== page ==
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Digestive physiology and caecal fermentative activity in the greater cane rat (Thryonomys swinderianus)

Author(s): Magloire YAPI | Thierry GIDENNE | Yves FARIZON | Muriel SEGURA | Daniel ZONGO | Francis ENJALBERT

Journal: African Zoology
ISSN 1562-7020

Volume: 47;
Issue: 2;
Date: 2013;
Original page

Keywords: cane rat | digestive physiology | caecum | fermentative activity | Thryonomys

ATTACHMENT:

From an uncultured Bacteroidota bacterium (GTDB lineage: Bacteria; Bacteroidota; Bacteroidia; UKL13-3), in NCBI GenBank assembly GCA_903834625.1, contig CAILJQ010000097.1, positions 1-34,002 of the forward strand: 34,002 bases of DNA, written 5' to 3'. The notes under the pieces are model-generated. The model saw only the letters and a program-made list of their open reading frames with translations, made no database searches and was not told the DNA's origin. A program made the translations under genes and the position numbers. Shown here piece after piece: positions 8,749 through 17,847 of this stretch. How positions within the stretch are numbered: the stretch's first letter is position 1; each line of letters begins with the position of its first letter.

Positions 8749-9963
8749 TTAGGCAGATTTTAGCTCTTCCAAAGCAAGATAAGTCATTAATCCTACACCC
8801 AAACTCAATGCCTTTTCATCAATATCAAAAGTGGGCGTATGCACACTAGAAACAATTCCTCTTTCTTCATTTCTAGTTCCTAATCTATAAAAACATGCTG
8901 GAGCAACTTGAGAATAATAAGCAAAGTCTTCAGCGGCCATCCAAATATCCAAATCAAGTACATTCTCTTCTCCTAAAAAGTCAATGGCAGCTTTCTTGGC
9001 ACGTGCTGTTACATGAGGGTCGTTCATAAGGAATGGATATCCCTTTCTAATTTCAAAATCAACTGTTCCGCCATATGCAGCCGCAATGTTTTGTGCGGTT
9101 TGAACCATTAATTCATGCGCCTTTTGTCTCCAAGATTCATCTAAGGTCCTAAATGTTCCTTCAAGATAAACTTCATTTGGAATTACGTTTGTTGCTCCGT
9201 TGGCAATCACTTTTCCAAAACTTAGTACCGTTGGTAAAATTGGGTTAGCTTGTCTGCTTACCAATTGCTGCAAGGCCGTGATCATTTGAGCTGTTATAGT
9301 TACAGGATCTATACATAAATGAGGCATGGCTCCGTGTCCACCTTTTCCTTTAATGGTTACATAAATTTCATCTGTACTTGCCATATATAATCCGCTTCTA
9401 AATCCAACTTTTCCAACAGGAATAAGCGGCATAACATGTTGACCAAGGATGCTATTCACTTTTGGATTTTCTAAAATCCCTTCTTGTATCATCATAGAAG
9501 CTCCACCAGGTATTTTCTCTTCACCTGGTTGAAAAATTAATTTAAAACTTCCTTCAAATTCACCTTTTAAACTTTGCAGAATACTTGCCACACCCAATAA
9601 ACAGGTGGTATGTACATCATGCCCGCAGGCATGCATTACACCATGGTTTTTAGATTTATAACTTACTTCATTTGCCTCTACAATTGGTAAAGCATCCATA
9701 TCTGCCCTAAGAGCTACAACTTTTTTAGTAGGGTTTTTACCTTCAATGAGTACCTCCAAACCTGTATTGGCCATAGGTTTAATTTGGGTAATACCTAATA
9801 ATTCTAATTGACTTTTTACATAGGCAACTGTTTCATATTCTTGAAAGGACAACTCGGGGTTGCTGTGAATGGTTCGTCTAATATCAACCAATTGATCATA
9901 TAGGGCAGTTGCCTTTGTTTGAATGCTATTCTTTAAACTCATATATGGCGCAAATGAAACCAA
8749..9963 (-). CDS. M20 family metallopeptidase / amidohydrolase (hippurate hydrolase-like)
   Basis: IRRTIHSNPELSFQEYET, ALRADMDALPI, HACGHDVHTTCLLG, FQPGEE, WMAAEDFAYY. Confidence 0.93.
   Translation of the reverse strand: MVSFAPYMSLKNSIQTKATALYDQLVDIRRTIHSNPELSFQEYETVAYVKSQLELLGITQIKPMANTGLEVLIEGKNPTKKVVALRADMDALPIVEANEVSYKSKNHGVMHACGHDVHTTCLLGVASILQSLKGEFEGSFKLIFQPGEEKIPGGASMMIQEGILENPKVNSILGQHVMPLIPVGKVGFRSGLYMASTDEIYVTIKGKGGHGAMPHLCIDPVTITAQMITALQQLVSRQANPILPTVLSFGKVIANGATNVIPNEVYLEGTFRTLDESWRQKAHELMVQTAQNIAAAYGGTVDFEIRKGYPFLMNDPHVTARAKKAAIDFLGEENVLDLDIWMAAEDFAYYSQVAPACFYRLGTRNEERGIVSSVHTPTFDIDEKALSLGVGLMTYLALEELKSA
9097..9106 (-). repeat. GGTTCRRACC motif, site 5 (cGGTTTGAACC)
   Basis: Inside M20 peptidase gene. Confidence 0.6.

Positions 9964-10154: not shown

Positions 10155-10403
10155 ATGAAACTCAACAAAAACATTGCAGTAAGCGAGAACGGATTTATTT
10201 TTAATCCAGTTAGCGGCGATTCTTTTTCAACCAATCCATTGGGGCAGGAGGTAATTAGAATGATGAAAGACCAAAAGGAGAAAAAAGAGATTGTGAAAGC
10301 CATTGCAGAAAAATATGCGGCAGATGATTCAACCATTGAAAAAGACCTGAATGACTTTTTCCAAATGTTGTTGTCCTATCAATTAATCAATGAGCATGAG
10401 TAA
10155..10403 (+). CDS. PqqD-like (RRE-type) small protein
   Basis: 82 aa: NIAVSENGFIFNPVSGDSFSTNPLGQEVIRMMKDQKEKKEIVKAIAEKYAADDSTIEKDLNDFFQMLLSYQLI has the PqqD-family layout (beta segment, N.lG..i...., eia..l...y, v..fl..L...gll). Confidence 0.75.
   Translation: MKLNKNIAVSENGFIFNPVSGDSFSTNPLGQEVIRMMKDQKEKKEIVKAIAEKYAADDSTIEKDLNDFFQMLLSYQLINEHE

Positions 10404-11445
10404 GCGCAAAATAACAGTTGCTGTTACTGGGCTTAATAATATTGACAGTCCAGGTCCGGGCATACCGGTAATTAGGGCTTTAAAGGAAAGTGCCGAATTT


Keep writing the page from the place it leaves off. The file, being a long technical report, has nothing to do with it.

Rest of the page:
The greater cane rat is a recently domesticated monogastric herbivore, and the importance of the caecum in the functioning of its digestive tract has frequently been mentioned. This experiment aimed to study digestive anatomy and cæcal fermentation of the growing cane rat. Twenty four cane rats were used from weaning to 103 days of age. They received a pelleted diet contained 12.5% of crude protein and 16.7% of ADF. Twelve animals were in a collective pen while 12 others were bred in individual cages for growth and feed intake measurements. At weaning, 82 and 103 days of age, six animals were sacrificed for gut parameters measurements and caecal sampling. The growth rate increased with age (P < 0.01) while the relative feed intake did not vary (P > 0.05). The caecum represented the largest compartment of the digestive tract with more than 40% of total gut contents. Acetate was the most abundant volatile fatty acid with more than 70% of total, followed by propionate and butyrate. Acetate proportion increased with age (P < 0.01) while propionate proportion decreased (P < 0.001) and butyrate proportion did not change.  The propionate / butyrate ratio tended to decreased with age (P=0.05). Ammonia concentration did not vary with age (P > 0.05). It is concluded that the caecum has a major fermentative activity in the growing cane rat.
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